14. Wearable Intrinsically Soft, Stretchable, Flexible Devices for Memories and Computing.

    Science.gov (United States)

    Rajan, Krishna; Garofalo, Erik; Chiolerio, Alessandro

    2018-01-27

    A recent trend in the development of high mass consumption electron devices is towards electronic textiles (e-textiles), smart wearable devices, smart clothes, and flexible or printable electronics. Intrinsically soft, stretchable, flexible, Wearable Memories and Computing devices (WMCs) bring us closer to sci-fi scenarios, where future electronic systems are totally integrated in our everyday outfits and help us in achieving a higher comfort level, interacting for us with other digital devices such as smartphones and domotics, or with analog devices, such as our brain/peripheral nervous system. WMC will enable each of us to contribute to open and big data systems as individual nodes, providing real-time information about physical and environmental parameters (including air pollution monitoring, sound and light pollution, chemical or radioactive fallout alert, network availability, and so on). Furthermore, WMC could be directly connected to human brain and enable extremely fast operation and unprecedented interface complexity, directly mapping the continuous states available to biological systems. This review focuses on recent advances in nanotechnology and materials science and pays particular attention to any result and promising technology to enable intrinsically soft, stretchable, flexible WMC.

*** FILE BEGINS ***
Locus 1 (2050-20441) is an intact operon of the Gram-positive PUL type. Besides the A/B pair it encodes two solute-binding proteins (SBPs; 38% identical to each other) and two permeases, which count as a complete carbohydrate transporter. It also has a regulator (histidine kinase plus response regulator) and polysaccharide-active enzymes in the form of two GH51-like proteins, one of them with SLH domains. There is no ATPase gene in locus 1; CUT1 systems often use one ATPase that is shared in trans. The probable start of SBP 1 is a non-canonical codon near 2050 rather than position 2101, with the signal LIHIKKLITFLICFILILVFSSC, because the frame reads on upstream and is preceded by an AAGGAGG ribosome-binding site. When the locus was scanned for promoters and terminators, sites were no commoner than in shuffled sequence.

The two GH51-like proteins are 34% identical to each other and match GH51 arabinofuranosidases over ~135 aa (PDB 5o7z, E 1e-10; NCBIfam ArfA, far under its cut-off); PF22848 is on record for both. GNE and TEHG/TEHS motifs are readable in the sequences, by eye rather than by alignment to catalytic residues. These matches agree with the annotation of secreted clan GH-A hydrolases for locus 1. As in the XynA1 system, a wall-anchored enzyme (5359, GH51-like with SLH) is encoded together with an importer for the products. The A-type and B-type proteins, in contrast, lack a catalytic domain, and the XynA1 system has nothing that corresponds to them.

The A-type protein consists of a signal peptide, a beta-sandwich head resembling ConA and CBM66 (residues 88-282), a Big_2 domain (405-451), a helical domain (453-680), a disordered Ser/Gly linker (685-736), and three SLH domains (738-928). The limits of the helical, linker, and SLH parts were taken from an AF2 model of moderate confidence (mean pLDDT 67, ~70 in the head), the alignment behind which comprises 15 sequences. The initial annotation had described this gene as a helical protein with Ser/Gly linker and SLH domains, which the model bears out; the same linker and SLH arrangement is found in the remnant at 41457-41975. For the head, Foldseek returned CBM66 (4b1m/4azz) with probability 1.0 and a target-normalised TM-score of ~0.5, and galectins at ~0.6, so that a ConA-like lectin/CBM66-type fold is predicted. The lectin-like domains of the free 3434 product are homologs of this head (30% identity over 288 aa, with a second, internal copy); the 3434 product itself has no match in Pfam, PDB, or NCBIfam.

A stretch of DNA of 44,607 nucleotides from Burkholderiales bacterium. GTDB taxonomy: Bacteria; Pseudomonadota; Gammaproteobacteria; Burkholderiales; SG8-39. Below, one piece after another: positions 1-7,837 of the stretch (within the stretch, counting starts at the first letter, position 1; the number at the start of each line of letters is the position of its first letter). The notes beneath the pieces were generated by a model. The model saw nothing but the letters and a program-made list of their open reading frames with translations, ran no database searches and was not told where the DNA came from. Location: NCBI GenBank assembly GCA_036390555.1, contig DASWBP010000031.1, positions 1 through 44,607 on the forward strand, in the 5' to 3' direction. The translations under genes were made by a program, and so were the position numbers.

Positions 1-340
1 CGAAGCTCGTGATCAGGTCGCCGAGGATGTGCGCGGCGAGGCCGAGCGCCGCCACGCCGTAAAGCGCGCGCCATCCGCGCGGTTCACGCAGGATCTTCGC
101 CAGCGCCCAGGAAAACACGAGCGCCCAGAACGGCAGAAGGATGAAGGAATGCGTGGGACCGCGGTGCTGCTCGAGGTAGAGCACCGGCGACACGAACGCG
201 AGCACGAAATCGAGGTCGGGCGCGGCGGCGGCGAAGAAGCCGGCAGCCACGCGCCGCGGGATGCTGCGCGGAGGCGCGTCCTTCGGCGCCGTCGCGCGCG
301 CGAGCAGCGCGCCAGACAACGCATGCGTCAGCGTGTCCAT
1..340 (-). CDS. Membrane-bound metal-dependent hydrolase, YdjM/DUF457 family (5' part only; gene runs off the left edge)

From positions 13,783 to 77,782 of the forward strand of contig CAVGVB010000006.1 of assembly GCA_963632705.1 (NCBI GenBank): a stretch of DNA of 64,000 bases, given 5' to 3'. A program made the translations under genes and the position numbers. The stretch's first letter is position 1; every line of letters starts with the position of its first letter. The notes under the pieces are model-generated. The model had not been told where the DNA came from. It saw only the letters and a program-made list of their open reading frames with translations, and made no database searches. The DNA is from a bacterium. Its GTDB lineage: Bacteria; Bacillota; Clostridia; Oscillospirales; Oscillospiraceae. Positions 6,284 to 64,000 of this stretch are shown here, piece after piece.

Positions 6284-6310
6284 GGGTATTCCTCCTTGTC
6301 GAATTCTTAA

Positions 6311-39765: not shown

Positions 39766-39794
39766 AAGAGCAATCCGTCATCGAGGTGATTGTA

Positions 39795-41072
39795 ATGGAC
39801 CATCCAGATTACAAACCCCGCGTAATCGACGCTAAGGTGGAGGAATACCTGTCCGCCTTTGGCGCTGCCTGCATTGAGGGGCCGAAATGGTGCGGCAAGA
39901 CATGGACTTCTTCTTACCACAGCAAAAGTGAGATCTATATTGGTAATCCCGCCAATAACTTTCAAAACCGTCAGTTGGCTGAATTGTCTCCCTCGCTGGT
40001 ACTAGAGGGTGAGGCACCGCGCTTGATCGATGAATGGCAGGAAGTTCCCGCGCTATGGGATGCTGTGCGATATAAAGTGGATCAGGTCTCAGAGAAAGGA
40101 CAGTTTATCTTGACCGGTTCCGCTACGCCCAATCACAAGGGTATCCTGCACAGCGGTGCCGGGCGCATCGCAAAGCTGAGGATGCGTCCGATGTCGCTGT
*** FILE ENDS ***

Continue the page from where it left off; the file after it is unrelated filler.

15. Electronic polymer memory devices-Easy to fabricate, difficult to understand

    International Nuclear Information System (INIS)

    Paul, Shashi; Salaoru, Iulia

    2010-01-01

    There has been a number reports on polymer memory devices for the last one decade. Polymer memory devices are fabricated by depositing a blend (an admixture of organic polymer, small organic molecules and nanoparticles) between two metal electrodes. These devices show two electrical conductance states ('1' and '0') when voltage is applied, thus rendering the structures suitable for data retention. These two states can be viewed as the realisation of memory devices. However, polymer memory devices reported so far suffer from multiple drawbacks that render their industrial implementation premature. There is a large discrepancy in the results reported by different groups. This article attempts to answer some of the questions.

  16. Numerical analysis of a polysilicon-based resistive memory device

    KAUST Repository

    Berco, Dan

    2018-03-08

    This study investigates a conductive bridge resistive memory device based on a Cu top electrode, 10-nm polysilicon resistive switching layer and a TiN bottom electrode, by numerical analysis for $$10^{3}$$103 programming and erase simulation cycles. The low and high resistive state values in each cycle are calculated, and the analysis shows that the structure has excellent retention reliability properties. The presented Cu species density plot indicates that Cu insertion occurs almost exclusively along grain boundaries resulting in a confined isomorphic conductive filament that maintains its overall shape and electric properties during cycling. The superior reliability of this structure may thus be attributed to the relatively low amount of Cu migrating into the RSL during initial formation. In addition, the results show a good match and help to confirm experimental measurements done over a previously demonstrated device.

  17. Selected Advances in Nanoelectronic Devices Logic, Memory and RF

    CERN Document Server

    Joodaki, Mojtaba

    2013-01-01